Saturday, March 27, 2010

Butterfly Tattoo by Deidre Knight


I finally got to read this book - at last! I'd heard so much about it and the excerpt I'd read made me eager for more.

Michael Warner is bisexual. He was partnered for 13 years with with Alex (Al), a pediatrician, surfer, and a guy almost too good to be true. They even start a family and have a daughter, Andrea.

Al is killed by a drunk driver while Andrea is in the car. Andrea is very emotionally scarred by this and Michael has been numb for a year.

Then he meets Rebecca and each of them have an immediate attraction to the other.

I was halfway through the book before I realized it was written first person, present tense.

"Holy shit!" I said silently. Wow, does that ever work with this book. At least, it did for me.

How else could you achieve the immediacy? How else could you know what both protagonists were thinking?

I admit, there were times toward the end when I wanted to slap Rebecca and tell her to GET ON WITH IT!

But consider: we readers know all of Michael's hangups and emotions and just how sincerely in love he really is, because we're right inside his head. At the same time, we can see his reluctance to completely let Al go and he makes some stupid mistakes.

Rebecca doesn't have our advantage and has to learn the big T word - TRUST.

She has her own hangups, as does Andrea and how they all overcome their weaknesses - their mental scars and physical scars - and grow as people, makes this a beautiful, emotional love story.

Oh hell, I can't say it right. But I can say that this book deserves all the hype it got.

A real keeper and if I were grading, it would be a definite A.


I finished it last night. It did something no book has done in ages: it made me cry. And I cried numerous times while reading it.

Unlike Carolyn, I felt a greater connection to Rebecca. Her story was that she had been an actress on a successful television show and was attacked by a stalker. She was stabbed and left for dead. Her best friend found her and she was saved in the nick of time but the scars inside and outside are always there.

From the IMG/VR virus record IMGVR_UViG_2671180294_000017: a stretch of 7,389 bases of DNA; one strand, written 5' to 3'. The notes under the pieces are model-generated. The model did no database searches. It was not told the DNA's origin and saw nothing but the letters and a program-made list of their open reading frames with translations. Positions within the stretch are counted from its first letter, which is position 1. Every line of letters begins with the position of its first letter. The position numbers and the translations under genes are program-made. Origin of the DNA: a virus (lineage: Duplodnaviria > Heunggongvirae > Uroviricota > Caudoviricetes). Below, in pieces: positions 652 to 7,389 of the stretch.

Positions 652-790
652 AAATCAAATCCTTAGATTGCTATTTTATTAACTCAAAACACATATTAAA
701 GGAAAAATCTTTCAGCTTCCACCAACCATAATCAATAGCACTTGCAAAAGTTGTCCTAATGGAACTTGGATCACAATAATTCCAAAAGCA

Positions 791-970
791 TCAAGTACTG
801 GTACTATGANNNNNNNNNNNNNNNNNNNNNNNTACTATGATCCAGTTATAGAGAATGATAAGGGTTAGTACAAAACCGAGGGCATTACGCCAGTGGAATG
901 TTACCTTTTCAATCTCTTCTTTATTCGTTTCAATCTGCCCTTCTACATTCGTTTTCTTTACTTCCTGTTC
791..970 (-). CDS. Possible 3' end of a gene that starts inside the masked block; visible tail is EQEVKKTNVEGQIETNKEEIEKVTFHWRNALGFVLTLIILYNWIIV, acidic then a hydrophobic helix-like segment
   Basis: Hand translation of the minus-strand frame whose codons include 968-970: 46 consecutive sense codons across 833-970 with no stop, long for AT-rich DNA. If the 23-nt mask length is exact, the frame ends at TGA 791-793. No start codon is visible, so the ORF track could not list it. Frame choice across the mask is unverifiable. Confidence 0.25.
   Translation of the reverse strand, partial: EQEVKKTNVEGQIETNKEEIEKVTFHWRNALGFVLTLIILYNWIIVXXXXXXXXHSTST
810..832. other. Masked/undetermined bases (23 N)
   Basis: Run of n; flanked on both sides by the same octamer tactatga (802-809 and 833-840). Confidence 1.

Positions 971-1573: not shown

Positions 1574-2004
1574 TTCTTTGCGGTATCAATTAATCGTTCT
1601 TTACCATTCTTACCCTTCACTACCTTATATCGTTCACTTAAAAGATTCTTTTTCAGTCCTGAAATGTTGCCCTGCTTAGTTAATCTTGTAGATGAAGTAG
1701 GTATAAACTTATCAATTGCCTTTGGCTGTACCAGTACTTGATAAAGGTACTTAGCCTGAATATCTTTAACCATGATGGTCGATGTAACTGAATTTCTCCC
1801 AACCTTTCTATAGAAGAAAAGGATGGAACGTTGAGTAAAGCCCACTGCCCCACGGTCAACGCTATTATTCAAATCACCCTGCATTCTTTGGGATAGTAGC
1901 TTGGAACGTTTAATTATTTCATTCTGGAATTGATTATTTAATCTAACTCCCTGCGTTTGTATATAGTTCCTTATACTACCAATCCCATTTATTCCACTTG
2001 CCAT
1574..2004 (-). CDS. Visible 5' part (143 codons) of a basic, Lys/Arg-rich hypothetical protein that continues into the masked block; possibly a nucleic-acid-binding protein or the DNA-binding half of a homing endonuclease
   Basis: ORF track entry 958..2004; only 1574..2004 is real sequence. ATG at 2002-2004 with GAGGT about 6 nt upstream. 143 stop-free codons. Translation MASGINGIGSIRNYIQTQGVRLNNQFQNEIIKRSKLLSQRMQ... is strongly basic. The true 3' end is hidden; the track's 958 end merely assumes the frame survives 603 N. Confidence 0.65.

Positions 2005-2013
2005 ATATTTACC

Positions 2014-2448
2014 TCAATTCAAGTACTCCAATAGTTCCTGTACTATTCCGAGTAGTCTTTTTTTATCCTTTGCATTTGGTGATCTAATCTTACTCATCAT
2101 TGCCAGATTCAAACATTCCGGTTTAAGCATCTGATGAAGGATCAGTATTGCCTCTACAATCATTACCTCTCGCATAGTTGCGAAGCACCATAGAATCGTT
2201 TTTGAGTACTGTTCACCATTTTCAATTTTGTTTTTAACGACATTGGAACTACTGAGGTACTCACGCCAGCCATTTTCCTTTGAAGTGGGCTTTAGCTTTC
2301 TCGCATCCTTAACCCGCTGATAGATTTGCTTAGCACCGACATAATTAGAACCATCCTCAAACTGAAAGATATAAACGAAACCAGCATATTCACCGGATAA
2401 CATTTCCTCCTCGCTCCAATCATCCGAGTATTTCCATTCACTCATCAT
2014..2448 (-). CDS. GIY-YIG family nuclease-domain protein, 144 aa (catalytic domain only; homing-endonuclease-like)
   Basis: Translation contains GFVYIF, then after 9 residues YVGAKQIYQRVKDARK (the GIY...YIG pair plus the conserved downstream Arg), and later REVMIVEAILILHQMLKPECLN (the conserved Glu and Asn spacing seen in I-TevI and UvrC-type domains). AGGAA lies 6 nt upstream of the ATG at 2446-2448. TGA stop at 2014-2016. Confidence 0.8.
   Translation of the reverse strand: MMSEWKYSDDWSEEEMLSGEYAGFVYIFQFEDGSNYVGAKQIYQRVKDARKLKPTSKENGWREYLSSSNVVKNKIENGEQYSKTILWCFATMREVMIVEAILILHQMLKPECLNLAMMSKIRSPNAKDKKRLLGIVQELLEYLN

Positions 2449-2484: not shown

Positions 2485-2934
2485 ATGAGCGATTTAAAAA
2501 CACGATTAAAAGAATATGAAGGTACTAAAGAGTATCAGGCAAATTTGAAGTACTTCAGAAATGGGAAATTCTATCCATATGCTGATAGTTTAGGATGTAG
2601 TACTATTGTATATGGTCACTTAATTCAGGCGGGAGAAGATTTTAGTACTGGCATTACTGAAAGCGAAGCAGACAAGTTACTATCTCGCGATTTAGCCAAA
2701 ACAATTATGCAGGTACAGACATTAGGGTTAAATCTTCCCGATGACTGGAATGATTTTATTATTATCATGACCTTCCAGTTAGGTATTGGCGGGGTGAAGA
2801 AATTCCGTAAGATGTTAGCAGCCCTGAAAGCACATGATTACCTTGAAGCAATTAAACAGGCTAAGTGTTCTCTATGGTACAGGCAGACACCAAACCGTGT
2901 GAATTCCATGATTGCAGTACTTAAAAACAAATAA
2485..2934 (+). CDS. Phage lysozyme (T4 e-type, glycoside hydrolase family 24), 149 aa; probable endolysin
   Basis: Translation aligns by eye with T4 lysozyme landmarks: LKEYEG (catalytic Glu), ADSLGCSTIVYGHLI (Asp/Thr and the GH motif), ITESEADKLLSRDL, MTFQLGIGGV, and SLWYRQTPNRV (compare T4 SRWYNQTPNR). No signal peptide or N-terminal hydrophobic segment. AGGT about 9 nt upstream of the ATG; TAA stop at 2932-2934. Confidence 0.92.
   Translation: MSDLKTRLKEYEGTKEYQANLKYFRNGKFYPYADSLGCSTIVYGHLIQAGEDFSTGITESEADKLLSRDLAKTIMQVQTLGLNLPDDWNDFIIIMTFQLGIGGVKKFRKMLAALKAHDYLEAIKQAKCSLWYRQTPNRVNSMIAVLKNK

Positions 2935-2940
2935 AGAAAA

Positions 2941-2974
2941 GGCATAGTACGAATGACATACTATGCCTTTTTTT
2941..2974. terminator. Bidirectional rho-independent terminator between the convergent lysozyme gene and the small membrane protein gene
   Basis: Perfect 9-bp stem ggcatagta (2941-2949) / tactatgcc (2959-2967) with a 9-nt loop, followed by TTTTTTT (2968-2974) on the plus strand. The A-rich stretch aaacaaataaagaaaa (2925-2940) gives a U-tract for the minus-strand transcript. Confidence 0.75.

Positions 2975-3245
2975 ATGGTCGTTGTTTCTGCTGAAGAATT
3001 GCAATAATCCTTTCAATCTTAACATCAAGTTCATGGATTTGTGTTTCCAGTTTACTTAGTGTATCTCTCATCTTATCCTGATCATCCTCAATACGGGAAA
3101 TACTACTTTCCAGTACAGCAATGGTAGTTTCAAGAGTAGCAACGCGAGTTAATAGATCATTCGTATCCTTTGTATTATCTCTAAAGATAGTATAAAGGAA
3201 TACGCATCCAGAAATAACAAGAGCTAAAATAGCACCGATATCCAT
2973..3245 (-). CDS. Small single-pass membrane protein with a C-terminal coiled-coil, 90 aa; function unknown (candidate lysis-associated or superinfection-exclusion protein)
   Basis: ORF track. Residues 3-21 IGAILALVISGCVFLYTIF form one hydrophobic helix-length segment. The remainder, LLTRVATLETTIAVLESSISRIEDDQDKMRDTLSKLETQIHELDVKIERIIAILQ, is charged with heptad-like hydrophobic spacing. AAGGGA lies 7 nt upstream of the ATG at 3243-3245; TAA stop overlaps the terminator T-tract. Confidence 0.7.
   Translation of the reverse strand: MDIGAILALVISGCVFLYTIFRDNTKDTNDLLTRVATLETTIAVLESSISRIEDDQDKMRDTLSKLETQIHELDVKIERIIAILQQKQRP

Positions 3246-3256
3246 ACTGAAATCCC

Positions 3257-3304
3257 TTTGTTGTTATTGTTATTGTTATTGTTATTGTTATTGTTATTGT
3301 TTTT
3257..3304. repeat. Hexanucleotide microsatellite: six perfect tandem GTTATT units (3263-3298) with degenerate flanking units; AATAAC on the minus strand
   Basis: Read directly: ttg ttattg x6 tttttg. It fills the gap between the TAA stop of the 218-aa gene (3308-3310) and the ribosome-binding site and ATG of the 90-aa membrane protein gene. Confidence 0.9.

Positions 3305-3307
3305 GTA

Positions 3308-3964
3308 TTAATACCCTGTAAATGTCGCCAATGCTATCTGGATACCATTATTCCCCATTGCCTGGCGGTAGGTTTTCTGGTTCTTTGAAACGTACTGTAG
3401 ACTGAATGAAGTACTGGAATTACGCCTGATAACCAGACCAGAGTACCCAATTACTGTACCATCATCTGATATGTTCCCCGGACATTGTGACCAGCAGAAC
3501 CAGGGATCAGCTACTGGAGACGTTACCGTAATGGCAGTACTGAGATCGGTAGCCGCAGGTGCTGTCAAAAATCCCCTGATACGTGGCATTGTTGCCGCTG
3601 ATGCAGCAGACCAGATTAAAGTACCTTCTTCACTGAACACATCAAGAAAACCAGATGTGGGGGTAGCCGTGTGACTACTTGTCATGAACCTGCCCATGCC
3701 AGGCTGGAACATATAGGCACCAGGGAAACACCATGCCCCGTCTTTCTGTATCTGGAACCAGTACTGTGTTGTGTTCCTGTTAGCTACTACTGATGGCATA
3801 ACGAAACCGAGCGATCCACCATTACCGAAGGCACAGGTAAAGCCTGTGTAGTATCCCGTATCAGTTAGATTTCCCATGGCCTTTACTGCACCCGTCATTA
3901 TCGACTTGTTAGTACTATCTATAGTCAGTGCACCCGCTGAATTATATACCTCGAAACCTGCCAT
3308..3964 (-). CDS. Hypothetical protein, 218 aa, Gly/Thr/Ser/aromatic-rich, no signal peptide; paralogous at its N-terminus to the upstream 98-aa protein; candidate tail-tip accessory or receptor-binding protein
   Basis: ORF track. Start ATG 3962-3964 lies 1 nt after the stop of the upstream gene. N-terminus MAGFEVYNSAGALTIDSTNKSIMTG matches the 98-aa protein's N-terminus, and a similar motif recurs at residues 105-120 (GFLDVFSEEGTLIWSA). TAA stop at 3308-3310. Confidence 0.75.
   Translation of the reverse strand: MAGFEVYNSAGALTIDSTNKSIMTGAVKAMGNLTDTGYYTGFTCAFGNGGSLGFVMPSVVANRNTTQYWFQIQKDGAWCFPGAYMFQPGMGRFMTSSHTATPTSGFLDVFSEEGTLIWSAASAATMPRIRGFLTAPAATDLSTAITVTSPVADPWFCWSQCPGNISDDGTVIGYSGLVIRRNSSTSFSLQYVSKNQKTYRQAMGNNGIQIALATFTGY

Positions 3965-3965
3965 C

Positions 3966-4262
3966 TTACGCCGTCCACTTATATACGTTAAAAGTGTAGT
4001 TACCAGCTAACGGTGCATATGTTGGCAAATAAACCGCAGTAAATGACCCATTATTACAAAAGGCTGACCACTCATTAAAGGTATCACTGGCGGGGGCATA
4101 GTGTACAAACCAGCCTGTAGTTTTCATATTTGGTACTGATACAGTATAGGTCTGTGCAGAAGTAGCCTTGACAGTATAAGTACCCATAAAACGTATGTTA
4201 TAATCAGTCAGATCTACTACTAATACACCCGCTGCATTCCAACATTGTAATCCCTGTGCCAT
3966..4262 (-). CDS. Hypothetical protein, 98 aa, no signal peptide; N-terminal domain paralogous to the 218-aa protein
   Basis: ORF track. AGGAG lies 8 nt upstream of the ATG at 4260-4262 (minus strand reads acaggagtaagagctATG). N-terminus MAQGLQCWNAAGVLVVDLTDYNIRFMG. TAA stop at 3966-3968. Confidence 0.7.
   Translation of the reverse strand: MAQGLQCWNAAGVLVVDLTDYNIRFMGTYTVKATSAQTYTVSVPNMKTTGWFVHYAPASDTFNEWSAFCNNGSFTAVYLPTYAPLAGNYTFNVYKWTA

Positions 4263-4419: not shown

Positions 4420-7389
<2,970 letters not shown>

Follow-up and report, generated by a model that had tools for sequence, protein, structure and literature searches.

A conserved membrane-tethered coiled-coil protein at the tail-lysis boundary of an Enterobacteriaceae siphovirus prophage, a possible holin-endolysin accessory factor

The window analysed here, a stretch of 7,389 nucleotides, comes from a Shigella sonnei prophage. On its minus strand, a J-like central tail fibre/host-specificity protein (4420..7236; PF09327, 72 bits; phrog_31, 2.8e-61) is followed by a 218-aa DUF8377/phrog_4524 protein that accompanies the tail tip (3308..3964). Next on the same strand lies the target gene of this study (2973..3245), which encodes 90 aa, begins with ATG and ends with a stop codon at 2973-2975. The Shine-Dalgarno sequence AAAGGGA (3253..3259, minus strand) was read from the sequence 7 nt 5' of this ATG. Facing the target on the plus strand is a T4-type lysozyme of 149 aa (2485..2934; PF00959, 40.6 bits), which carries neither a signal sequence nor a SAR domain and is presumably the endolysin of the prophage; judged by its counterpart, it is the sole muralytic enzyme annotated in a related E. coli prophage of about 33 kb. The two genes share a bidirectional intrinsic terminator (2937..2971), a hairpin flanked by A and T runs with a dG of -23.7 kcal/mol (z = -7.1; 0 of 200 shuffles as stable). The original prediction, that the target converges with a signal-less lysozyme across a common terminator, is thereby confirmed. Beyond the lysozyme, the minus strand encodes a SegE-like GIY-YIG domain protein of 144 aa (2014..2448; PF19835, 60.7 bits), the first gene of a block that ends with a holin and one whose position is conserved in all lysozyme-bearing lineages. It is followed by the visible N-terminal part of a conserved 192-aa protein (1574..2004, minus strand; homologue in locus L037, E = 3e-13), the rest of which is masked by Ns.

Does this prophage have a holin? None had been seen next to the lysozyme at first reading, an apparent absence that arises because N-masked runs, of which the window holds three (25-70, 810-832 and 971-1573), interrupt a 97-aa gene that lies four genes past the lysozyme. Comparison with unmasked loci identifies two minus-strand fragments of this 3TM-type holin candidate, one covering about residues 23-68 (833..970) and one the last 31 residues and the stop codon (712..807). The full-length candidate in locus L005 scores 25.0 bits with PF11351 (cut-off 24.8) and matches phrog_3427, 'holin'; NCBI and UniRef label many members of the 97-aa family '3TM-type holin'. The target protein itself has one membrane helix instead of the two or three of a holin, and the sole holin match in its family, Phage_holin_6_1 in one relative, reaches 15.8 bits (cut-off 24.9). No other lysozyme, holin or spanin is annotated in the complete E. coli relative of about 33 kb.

Needless to say, trust would be a very big deal for Rebecca.

There were things that Ms. Knight did that worked crazy great. The entire book was in first person present with chapter alternating between Michael and Rebecca. It made everything more immediate and I found myself sometimes wishing that I could hear what the other person was thinking as well, a sign of my involvement in the story. I was pulled in and caring so deeply what their experiences were.

But more than anything this book was written by a woman who loves writing and writes for the love of words. I was awash with the poetry of her words, with the great canvas she painted using her words as bright and bold colors and evoking landscapes in places, people's histories and emotions. Los Angeles, movie studios, twins and little girl's broken hearts were painted and not just told.

This book was almost perfect. It deserves it's accolades and deserves a wide, wide audience reading it.


  1. "I finished it last night. It did something no book has done in ages: it made me cry. And I cried numerous times while reading it."

    I've heard this in more than one review which is why I was itching to get this one ever since the ebook came out. I finally got it a couple of weeks ago and now *grumble, grumble* it's disappeared somewhere in the TBR pile. Luckily that pile is mostly contained to a couple of locations so it shouldn't be too hard to find. Now if only I could stop buying newer books and just READ this one!

  2. I hope you find it and bump it up, Kristy. It'll be well worth it. :-)

  3. That is my classic sign of a great first person, present tense narrative -- if I can get a ways into the book without even noticing. Generally, they drive me crazy.